daviskedrosky.substack.com 10-2022 From Slavery to Capitalism? – The Williams Thesis, Part II – by Davis Kedrosky
…”…slavery was important to really-existing capitalism in its infancy. But there’s another question here. Could British industrialization, and thus capitalism itself, have emerged only because of slavery? And if not, did slavery accelerate early modern economic growth, or was it just incidental—a stain on the human record, but needless one at that? …
- Slavery was not essential for industrialization.
- Slavery may help to explain why Britain industrialized first. Economic historians have tried to argue this in three main ways.
- (1) Vent-for-surplus view: Britain’s colonial Atlantic economy furnished export markets for textiles and metalwares, which were predominantly sold abroad.
- Without these exports, Britain would have suffered from underemployed resources and low productivity as labor sat idle.
- Larger markets meant economies of scale and endogenous innovation in the export-facing sectors.
- Without slavery, the American colonies would have demanded fewer exports.
- (2) Ghost acreages (a la Pomeranz): imports of American cotton solved the supply bottleneck for the UK textile industry, in the absence of which high prices and the low quality if Indian cotton would’ve choked off industrialization.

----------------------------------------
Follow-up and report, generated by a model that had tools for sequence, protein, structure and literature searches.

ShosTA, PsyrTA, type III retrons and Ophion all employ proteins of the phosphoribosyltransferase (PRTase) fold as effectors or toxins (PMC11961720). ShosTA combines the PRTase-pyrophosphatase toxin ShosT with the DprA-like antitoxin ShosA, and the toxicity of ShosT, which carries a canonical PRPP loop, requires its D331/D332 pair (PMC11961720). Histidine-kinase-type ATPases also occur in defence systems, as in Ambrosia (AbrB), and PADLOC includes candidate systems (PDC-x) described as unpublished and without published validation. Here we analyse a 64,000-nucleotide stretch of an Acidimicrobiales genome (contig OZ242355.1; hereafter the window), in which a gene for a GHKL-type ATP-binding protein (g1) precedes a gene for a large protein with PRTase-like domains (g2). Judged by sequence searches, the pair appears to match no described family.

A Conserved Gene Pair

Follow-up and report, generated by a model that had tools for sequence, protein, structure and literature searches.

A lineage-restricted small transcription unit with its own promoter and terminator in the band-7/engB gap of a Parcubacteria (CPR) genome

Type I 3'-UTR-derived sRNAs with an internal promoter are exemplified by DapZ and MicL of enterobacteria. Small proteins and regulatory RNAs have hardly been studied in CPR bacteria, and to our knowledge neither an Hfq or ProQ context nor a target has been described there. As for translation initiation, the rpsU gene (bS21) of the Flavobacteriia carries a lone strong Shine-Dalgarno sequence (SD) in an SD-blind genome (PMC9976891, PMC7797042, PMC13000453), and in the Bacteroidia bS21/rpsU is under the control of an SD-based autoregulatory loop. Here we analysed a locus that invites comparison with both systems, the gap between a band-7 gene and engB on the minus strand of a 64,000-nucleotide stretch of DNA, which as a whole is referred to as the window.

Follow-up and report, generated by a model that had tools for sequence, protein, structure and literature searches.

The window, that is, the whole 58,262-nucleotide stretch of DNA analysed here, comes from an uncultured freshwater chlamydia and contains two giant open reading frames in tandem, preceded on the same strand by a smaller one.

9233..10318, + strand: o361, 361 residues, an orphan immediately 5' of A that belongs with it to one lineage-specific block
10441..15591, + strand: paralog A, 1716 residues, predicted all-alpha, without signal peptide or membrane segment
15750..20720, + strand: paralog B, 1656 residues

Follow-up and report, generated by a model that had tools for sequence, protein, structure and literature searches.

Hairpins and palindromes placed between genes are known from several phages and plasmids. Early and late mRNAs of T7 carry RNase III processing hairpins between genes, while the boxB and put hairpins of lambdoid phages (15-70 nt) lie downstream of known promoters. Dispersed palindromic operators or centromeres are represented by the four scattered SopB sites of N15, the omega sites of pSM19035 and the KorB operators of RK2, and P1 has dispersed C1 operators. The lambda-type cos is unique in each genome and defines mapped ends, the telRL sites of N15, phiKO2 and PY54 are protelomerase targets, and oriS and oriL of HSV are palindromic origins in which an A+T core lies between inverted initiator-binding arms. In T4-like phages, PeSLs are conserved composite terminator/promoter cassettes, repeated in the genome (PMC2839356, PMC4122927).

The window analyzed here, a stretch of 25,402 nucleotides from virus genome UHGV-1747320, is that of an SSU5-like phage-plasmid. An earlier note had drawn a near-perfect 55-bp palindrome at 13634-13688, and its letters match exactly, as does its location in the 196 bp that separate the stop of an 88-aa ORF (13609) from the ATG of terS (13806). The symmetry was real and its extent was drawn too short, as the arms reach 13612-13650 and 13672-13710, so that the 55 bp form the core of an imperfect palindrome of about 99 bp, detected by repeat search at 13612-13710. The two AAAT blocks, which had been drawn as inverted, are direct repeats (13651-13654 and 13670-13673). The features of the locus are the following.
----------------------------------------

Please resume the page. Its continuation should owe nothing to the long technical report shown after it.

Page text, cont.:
- But Indian cotton was substituted for U.S. cotton during the Civil War.
- If slavery had been abolished during the eighteenth century, the counterfactual isn’t “no cotton” but “less cotton”—unlike sugar, you can grow cotton with free labor.
- (3) The slave trade and Atlantic exports fostered financial services and created human capital externalities that enlarged Britain’s skilled labor force.
- This almost certainly happened, but it’s unclear how big the effect was, and how much of it couldn’t be accomplished by trading with Europe.
- Most empirical tests of the Williams thesis do not address (1)-(3). …
… The best argument you can make, I think, is that the British Atlantic empire of the early eighteenth century helped the metropole to realize latent comparative advantages. Cheap cotton and large sugar-funded markets in the New World helped Britain to expand export industries, building up scale economies, a financial services sector, and pools of skilled labor. Slavery massively boosted the import demands of the American colonies at an early stage, increasing their dependence on exports from the metropole. British industries, which were becoming increasingly export-oriented, could be protected and groomed on captured colonial markets before taking on the rest of the world—a terrific first-mover advantage. Countries lacking this internal imperial specialization could not catch up.
Even if all that were true, slavery can’t explain everything. Why was Britain such a successful colonial and commercial power during the seventeenth century—a status which enabled the consolidation of the slave-based Atlantic economy? Why did Britain succeed initially in exporting to Europe even before the rise of the imperial system? How important was cotton anyway?